Mercedes team boss Ross Brawn has questioned the decision of rival teams to quit the Formula One Teams' Association - arguing that the grid would have been better served by everyone retaining a united focus.

Continued arguments about the Resource Restriction Agreement which teams adhere to saw Red Bull, Ferrari, Sauber and Toro Rosso all elect to quit the organisation, with HRT having already quit earlier in the year after stating that FOTA didn't serve its needs.

However, Brawn insists that the upcoming negotiations of a new Concorde Agreement to help govern the future of F1 would have been easier if all teams were working together and said it was a short-sighted decision from those teams who had quit FOTA.

"We are very committed to FOTA and we think it's a great shame that we've lost the members from FOTA because I think we may live to regret that," he was quoted by ESPNF1. "I think when there was a crisis and outside pressure it pushed FOTA together, now that there's not so much outside pressure the natural competitiveness of the teams is pushing us apart a bit.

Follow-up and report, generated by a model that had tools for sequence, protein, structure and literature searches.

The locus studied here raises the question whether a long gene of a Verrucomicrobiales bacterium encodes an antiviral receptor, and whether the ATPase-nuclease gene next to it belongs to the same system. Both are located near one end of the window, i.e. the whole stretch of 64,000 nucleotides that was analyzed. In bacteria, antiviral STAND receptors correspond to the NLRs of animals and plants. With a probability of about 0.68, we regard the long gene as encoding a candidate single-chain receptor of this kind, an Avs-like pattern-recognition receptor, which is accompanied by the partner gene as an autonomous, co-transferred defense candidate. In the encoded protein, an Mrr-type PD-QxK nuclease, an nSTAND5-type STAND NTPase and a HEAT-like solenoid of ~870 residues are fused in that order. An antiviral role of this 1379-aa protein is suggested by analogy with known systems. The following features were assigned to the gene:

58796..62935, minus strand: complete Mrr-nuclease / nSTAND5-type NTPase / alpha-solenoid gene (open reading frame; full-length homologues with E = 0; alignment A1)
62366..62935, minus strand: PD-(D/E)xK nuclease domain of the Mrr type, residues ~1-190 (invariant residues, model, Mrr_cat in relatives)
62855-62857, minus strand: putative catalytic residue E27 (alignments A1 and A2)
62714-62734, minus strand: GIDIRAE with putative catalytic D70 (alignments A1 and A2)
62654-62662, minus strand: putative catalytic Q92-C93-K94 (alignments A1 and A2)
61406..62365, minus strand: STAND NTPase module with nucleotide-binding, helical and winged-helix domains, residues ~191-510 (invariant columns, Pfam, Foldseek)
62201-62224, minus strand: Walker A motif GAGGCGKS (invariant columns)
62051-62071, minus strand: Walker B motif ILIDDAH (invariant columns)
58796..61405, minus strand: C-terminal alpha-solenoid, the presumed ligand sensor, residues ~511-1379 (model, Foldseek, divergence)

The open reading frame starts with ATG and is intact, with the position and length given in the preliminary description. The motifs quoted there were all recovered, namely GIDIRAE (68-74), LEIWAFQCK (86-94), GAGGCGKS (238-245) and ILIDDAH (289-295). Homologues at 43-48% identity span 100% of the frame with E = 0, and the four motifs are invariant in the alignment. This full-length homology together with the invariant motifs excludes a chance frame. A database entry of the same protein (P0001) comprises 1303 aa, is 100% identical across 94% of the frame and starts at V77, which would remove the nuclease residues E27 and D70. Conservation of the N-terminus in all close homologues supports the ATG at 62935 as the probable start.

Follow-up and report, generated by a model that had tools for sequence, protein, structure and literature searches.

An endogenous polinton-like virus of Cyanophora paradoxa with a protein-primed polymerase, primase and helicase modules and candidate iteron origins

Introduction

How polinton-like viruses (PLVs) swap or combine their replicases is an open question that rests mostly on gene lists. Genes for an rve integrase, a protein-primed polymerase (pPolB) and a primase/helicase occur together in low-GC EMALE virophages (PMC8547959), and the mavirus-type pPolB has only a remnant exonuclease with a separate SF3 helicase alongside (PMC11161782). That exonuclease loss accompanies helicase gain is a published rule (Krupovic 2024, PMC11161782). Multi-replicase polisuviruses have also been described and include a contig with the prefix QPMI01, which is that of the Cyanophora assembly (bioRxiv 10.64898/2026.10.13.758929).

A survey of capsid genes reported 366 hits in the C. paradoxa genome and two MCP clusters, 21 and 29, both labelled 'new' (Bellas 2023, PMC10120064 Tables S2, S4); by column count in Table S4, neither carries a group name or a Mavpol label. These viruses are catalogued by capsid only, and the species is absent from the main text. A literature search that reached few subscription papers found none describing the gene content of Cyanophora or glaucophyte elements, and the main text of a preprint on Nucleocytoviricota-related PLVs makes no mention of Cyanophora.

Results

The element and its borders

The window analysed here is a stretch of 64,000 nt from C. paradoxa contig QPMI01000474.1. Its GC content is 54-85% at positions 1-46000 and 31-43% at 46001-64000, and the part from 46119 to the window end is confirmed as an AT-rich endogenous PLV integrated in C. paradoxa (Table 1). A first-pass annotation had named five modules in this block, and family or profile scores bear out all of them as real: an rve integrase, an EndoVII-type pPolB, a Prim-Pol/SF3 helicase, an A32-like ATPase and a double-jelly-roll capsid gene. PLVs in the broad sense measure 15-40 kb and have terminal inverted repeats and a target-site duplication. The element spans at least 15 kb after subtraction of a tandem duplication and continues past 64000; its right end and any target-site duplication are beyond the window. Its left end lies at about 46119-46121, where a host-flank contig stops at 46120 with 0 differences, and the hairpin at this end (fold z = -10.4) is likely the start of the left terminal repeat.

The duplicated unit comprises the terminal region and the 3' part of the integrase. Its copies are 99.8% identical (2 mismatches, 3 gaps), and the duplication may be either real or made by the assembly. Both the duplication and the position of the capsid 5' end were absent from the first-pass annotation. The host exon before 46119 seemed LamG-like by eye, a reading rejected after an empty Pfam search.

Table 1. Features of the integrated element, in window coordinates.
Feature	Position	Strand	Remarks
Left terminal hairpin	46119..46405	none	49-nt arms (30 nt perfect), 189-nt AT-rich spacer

"But I think we are very short-sighted in not recognising that FOTA has a very important role to play. I think it is an unfortunate feature of Formula One that we all find it fairly difficult to come together. I'm a great believer in FOTA but I'm disappointed, obviously, with what has happened in the last few months. I think we're going to regret it in Formula One because one of the objectives of FOTA was to find the right solutions for Formula One, not just the right solutions for an individual team."

Brawn added that the arguments over the RRA shouldn't be used to detract from the importance of the agreement if F1 is to make progress in the coming seasons.

"The RRA is very important," he said. "We've got to find some means of restraining the costs overall and technical regulations and formal regulations will only go part way. The concept of RRA is very important, but it does need everyone to commit to it and work together to find the best solution to having an RRA system. We are committed to it and we are going to persevere to try and make sure it is applied properly and it's viable for the future of Formula One. I think without it we are at high risk."